The renewable energy market is booming. Its permanent magnets currently rely on light rare earth (LRE) (neodymium) and heavy rare earth (HRE) (dysprosium, terbium) elements, primarily supplied by China, to ensure high-temperature performance. At the same time that demand for these elements is increasing, China is restricting exports to fuel its own burgeoning green energy sector. As the costs of needed materials soar and supply becomes unreliable, the EU-funded project ROMEO (Replacement and original magnet engineering options) was launched to drastically decrease the amount of HRE or/and to find an alternative to rare earth elements in permanent magnets. Scientists worked to improve the properties of permanent magnets based on LRE elements and developed a totally rare earth-free magnet. Improving coercivity or resistance to changes in magnetisation will enable high performance at operating temperatures above 100 °C. The ROMEO consortium combined European excellence and expertise with support from Japan and the United States via an advisory board. Current technologies use about 10-11 wt % of Dy, whereas with the new technique, only 0.6 wt % Dy is effective. This reduction by a factor of 16 represents a dramatic decrease in cost of the manufactured magnets, which can be estimated to roughly 40 % based on the raw material costs in 2015. Besides, the coercivity of HRE-totally free magnets has been significantly increased compared to previous results. Scientists also investigated the best compromise between mechanical and magnetic properties. Simulations and high-throughput screening methods to evaluate electronic structures and magnetic properties have shed light on possible candidate materials for new permanent magnets. Numerous investigations of formulations and powder processing techniques have delivered promising results. Nine new rare earth-free magnetic materials have been selected for experimental studies from the high-throughput screening process. The team assessed manufacturing strategies focusing on eco-efficient production. Topics considered were sintering and metal forming, production of polymer-bonded magnets, net-shape processing and recycling. ROMEO undertook a critical task: development of rare earth element-free materials for permanent magnets required by electric vehicles and wind turbines. The independent supply of sustainable materials and more eco-friendly manufacturing technologies will help the EU take advantage of the global renewable energy market.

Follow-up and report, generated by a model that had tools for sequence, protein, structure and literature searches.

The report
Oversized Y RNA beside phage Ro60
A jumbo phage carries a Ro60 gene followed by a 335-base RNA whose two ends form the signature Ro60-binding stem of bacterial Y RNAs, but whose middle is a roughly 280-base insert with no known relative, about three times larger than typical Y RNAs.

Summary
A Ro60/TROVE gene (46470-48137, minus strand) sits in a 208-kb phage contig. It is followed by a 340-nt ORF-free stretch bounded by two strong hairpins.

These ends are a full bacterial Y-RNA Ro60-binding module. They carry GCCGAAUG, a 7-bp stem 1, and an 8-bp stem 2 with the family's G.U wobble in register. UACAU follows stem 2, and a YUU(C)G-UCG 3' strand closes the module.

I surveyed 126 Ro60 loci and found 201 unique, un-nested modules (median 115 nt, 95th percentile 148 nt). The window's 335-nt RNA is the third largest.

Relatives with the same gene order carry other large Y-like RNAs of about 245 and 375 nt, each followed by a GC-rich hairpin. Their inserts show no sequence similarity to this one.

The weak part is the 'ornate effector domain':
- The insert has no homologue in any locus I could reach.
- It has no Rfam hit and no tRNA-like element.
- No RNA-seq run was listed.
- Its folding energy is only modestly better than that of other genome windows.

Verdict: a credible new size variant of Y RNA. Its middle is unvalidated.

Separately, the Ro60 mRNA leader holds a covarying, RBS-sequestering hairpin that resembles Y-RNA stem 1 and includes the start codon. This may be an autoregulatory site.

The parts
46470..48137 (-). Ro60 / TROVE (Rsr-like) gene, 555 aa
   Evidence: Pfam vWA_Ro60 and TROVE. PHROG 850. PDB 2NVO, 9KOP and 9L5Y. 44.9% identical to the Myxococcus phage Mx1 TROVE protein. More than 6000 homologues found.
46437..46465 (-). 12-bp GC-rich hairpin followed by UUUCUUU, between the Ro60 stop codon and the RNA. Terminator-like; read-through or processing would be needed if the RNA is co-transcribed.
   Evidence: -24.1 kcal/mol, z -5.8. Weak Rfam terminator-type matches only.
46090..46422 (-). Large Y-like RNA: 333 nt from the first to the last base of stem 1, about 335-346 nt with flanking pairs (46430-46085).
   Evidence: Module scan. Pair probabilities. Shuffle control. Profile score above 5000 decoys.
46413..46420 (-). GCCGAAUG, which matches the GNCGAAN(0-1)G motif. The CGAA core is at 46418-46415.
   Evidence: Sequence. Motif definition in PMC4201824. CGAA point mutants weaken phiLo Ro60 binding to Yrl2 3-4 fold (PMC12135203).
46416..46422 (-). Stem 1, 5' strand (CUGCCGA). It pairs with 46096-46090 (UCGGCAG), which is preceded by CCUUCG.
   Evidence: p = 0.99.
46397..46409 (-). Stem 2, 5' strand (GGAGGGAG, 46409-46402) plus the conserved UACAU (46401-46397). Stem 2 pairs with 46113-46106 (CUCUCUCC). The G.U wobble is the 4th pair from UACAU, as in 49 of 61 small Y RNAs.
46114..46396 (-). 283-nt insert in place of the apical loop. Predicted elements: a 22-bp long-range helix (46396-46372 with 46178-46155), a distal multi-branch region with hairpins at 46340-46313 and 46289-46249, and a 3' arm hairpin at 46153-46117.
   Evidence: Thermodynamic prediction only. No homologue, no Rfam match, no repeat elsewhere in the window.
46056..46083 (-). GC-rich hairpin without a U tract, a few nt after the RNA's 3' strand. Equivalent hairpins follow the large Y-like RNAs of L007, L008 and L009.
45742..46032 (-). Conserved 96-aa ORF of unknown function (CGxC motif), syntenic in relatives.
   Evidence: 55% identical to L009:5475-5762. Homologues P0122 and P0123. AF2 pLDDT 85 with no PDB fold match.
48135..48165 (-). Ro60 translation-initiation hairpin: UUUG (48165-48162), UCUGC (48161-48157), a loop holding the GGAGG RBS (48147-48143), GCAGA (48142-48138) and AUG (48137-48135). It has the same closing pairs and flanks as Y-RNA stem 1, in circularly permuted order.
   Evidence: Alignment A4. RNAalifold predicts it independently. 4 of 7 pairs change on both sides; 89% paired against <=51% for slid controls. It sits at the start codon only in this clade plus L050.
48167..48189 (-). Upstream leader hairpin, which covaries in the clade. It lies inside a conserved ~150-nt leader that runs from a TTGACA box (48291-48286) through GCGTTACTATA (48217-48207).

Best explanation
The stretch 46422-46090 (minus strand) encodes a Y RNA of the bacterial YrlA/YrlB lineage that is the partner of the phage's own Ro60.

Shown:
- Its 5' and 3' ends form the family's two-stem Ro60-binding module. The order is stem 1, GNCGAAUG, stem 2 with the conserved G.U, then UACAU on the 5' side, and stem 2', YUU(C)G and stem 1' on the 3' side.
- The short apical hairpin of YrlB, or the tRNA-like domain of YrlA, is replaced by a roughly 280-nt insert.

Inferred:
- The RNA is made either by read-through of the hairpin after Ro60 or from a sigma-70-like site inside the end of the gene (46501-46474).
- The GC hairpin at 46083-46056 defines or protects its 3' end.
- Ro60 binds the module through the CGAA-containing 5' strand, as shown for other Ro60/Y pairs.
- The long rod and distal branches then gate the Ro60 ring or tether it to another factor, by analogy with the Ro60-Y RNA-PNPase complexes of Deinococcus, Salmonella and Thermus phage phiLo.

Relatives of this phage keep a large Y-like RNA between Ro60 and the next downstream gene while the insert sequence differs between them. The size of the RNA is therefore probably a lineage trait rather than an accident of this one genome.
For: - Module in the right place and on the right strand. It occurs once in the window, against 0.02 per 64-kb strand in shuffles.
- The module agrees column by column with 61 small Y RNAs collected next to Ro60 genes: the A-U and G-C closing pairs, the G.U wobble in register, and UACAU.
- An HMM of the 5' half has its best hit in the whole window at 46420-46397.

Permanent magnets, renewable energy, rare earth elements, coercivity